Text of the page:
While in Bergen, we were able to actually see the four or five letters written to Jeff’s dad, Frantz, in 1951-1953 and addressed to him at the Bowaters Nfld Pulp & Paper Company in Corner Brook, Newfoundland (where Jeff’s mother worked at a boarding house). Frantz was working on the M/S Elg, a ship built in Gothenburg, Sweden in 1930, which served in WWII between 1940-45.
Additional letters were addressed to him in Miami, New York, Brooklyn, Boston, Houston, Port Sulphur, LA and Norfolk, VA; Hamburg, Germany; and Havana, Cuba. The man got around! Jeff’s cousin, Ellen Wingerei graciously agreed to translate and email the content of the letters (16) to us. It was enlightening to hear about life in Bergen/Manger during the early 1950s. Ellen, thank you so much!!!
This letter, dated July 27, 1952 would have reached Frantz within the month when Jeff was conceived. From the letters, it appears Frantz was in Corner Brook from April – August, 1952 (Jeff was born April 24, 1953). We doubt he even knew that Jeff’s mother was pregnant before his ship sailed again.
In the letters, from his mother, father and brother (Olav), Frantz is affectionately referred to as “uncle Fant” by the children (Audun & Grethe) who were toddlers at that time; or as Frantzeboy by his mother. Frantz’ father, Olaf, was a pastor and his mother, Karen, was a very religious woman, who urged her son to “be ready, for the Son of Man is coming at an hour that you do not expect” and reminded Frantz to “live well and do not take part in everything you see and hear about. There are lots of temptations these days. Remember that there is One who sees everything, but He is full of love and mercy for everyone who seeks Him.” Mom adds to another letter, “Yes, Frantz, I can tell you that we pray a lot to God for you. He is your only Savior and His promises are good to rest in.” Again she writes, “…behave properly, you know what I mean, and then God will protect you and bring you safe over all seas.” Clearly, mom was worried about her 19 year old son who was half a world away on the high seas with other sailors! Her older son, Frantz’ brother, had been overseas for five years during the war. Not knowing where he was for years, she had to be reluctant to have her younger son go off to sea.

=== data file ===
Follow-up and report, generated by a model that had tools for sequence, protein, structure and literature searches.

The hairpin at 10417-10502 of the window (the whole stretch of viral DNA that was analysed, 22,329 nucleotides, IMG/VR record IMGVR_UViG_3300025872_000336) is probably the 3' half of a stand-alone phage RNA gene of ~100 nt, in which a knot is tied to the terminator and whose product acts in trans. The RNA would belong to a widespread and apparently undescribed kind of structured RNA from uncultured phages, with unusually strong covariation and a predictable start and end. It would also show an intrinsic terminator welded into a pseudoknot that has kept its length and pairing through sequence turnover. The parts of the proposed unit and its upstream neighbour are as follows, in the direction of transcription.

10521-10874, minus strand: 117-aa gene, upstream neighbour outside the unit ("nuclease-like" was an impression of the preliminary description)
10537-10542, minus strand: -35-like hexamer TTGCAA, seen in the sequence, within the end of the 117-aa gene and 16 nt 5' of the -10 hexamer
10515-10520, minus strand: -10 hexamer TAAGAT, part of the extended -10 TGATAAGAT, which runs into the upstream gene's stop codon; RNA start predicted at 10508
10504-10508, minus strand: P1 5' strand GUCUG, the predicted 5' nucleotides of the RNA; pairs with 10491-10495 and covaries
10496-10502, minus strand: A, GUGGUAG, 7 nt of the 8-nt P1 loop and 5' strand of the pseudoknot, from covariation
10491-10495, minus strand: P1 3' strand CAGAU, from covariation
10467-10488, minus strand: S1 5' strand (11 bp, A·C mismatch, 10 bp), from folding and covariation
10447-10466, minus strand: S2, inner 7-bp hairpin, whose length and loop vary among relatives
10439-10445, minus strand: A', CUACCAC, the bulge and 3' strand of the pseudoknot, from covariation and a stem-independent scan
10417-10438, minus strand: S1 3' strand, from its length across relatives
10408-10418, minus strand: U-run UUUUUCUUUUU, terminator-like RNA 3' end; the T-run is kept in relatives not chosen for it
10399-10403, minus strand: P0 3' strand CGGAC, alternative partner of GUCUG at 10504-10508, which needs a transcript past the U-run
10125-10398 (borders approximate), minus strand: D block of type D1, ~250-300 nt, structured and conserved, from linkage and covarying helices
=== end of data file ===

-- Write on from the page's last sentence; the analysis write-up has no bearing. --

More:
This form states “in accordance with the applicable rules, I can then testify that he does not present symptoms of any malignant infectious disease, including tuberculosis in infectious shape”. As mentioned in an earlier page about Jeff’s mother, TB was a very real threat in ports around Newfoundland. (Thank God for Google Translate)
Ellen shares that Frantz came home in the summer of 1953 but was at sea for many years after that. He brought them a TV set, so they were the first family in the area to own one. At Christmas he would send fruit, nuts, chocolate, and coffee to the family. Apparently, he was not much for writing letters himself since many of the letters say, “It would be very nice to hear from you.” and “I suppose we will not hear from you until you arrive in Puerto Rico.” His parents kept up with where the M/S Elg was sailing via the Handel- og Sjøfartstidende, a newspaper for seamen.
Ellen read, edited and corrected so much in the blog, for which I give her my deepest thanks! Huge help, Ellen!